Editor-NBsig

Benevolent Respect of the Heart

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The Miracle of Sangha

Dear Brothers, Sisters, and Friends, A miracle took place at the One Buddha Is Not Enough retreat in Estes Park, Colorado. Each person at the retreat experienced that he or she was surrounded by Thich Nhat Hanhs (Thays) and that he or she was indeed also Thay. In fact, there were over one thou- sand Thays practicing deeply and joyfully together. The retreat came to be affectionately known as “One Thay Is Not Enough.”

It all started when Thay was unable to attend the retreat. He was diagnosed with a severe lung infection while conducting a retreat at Stonehill College in Massachusetts, and he was admit- ted to Massachusetts General Hospital for a two-week course of IV antibiotics. Seven monastic brothers and sisters stayed with Thay; the rest of us, over sixty people, went to the YMCA of the Rockies to prepare for the retreat as it had been planned. It was the largest retreat that the monastics would conduct without Thay’s physical presence.

Even though the retreats on this teaching tour were advertised as led by both Thich Nhat Hanh and the Plum Village Sangha, all of the retreatants expected to be with Thay. The monastic brothers and sisters had several meetings to discuss the best way to support our teacher and our retreatants. The practices of deep listening and loving speech were followed more earnestly than ever. Unified by the urgency of the situation and by our love for Thay and for our lay brothers and sisters, we experienced a profound solidarity. Every person stepped up to take on responsibilities, even those who might have hesitated in other circumstances. We realized that the success of the retreat depended on each one of us contributing our best.

On the night of orientation, all of the monks and nuns ar- rived early. Without planning it, when we got on the stage, we stood closely together as one unit. Those of us who were present will always remember that moment. The Sangha was invited to listen to three sounds of the bell and touch a spacious and calm place within, so that Thay’s love letter could be received. As it was reported later, many people became immediately alarmed: “Love letter! What?” “Where is Thay? Is he O.K.?” “Where is Thich Nhat Hanh? Why is he not on stage?”

Brother Phap Khoi read Thay’s letter slowly and clearly. “Boston, August 21, 2009.... My dear friends, I am writing to you from the Massachusetts General Hospital in Boston. I know the Sangha has manifested today in Estes Park. I miss the Retreat. I miss the beautiful setting of the Retreat. Especially I miss the Sangha, I miss you....”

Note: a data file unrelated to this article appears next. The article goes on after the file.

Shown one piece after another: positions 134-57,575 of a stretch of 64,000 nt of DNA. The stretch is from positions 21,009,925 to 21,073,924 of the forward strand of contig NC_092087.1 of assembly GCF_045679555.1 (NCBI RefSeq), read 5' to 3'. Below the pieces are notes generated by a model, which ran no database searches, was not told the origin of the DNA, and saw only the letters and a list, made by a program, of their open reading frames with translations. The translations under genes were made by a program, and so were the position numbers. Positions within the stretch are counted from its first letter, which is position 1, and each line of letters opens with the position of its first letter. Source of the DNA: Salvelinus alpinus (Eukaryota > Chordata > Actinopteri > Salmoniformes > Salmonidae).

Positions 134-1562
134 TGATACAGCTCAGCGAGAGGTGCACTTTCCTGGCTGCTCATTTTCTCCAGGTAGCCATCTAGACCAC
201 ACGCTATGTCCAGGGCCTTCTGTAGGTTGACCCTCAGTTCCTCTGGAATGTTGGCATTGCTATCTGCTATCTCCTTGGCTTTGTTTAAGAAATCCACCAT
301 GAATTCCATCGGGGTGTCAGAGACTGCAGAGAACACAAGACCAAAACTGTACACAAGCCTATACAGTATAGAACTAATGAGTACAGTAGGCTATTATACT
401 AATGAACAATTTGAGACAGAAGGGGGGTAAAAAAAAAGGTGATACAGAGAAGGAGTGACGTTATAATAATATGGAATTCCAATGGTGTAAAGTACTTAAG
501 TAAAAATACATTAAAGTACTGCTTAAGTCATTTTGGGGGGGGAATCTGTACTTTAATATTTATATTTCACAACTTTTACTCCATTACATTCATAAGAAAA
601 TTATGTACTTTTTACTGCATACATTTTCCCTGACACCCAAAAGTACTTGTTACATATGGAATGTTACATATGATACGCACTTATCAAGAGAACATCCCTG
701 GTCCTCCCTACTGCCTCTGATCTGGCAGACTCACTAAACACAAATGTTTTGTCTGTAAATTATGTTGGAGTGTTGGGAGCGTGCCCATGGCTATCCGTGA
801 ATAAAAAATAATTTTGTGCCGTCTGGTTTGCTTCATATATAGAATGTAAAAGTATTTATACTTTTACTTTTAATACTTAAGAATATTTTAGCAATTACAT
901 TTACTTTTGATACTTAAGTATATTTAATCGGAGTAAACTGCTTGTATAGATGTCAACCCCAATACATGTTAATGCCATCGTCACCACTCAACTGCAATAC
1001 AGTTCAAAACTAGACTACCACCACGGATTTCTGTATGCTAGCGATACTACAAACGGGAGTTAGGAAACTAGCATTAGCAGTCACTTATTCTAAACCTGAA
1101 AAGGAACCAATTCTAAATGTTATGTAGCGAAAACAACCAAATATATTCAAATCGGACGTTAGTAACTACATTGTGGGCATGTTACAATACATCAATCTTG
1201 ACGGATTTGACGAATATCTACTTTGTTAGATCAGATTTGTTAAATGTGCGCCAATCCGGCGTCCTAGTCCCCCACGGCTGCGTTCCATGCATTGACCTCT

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Tears were streaming down faces. One retreatant later shared that she felt a strong urge to scream at that moment, but everyone was so still, she did not dare to. People said that they felt over- whelmed by disappointment, worry, and grief; but as Noble Silence started immediately after the orientation, no one gave voice to these feelings. Instead, there was an opportunity to listen to one’s unpleasant and painful feelings and to embrace them. Leaving the meditation hall that first evening, everyone walked ever so quietly and attentively.

Many of us had to ask ourselves: did we come to a retreat to see Thay in the same way we would go to a concert to see a rock star? If the rock star did not show up, we would be entitled to a full refund. Then, should we also demand a full refund and leave the retreat, since Thay was not there?

Thay’s absence forced everyone to re-evaluate their intention for the retreat. Thay could not be looked to as the main focus, nor could he be relied on for energy and inspiration. During the next five days, the retreatants came to a decision to invest wholeheartedly in the practice. The monastic and long-term lay practitioners became Thay in the way they walked so stably, in the way they spoke so compassionately, and in the way they thought so gratefully—for Thay, for each other, and for the shared path of practice.

There were over four hundred first-time retreatants, and they, too, practiced deeply. From the early morning first activity to the late evening last activity, all were fully present. Thay was not at the retreat.Yet, Thay was everywhere. All of us experienced Thay’s presence, in ourselves and in one another. This powerful energy of our collective practice enabled everyone to look into their own past experiences with love, loss, expectation, and disappointment. By staying together as a Sangha, we broke through habitual pat- terns of avoiding and running away from pain. Transformation and healing took place in every person, monastic and lay, long-term practitioner and beginner.

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We experienced directly the immense value and strength of the Sangha. We realized that Thay and the teachings will be continued well into the future because we are a Sangha. Wherever we are, as long as we come together as a community of practice, we can generate this powerful energy of peace and healing. The miracle of Sangha manifested because each one of us took the practice to the deepest level, in which we experienced the nature of interbeing with Thay and with one another. No individual talent could have performed this miracle. It was the success of a com- munity of practitioners.

The Be-In on the last night of the retreat was truly a joyful and meaningful feast of the practice. Thay’s second letter was read at the beginning. In response to Thay’s proposal that a retreat in Colorado should be conducted every year, with or without Thay’s physical presence, we all bloomed flowers with our hands.

One teenager said he was very happy that there would be a retreat in 2010, since he could not bear the thought of having to wait for it for two years. Over seventy-three people signed up to help organize the 2010 retreat in Colorado. One person reported that after he left the YMCA, he shared with many friends about his wonderful experience at the retreat. He realized that he was saying to them, “I was at the retreat with Thich Nhat Hanh.” Indeed, we were all at the retreat with Thay in the deepest possible way.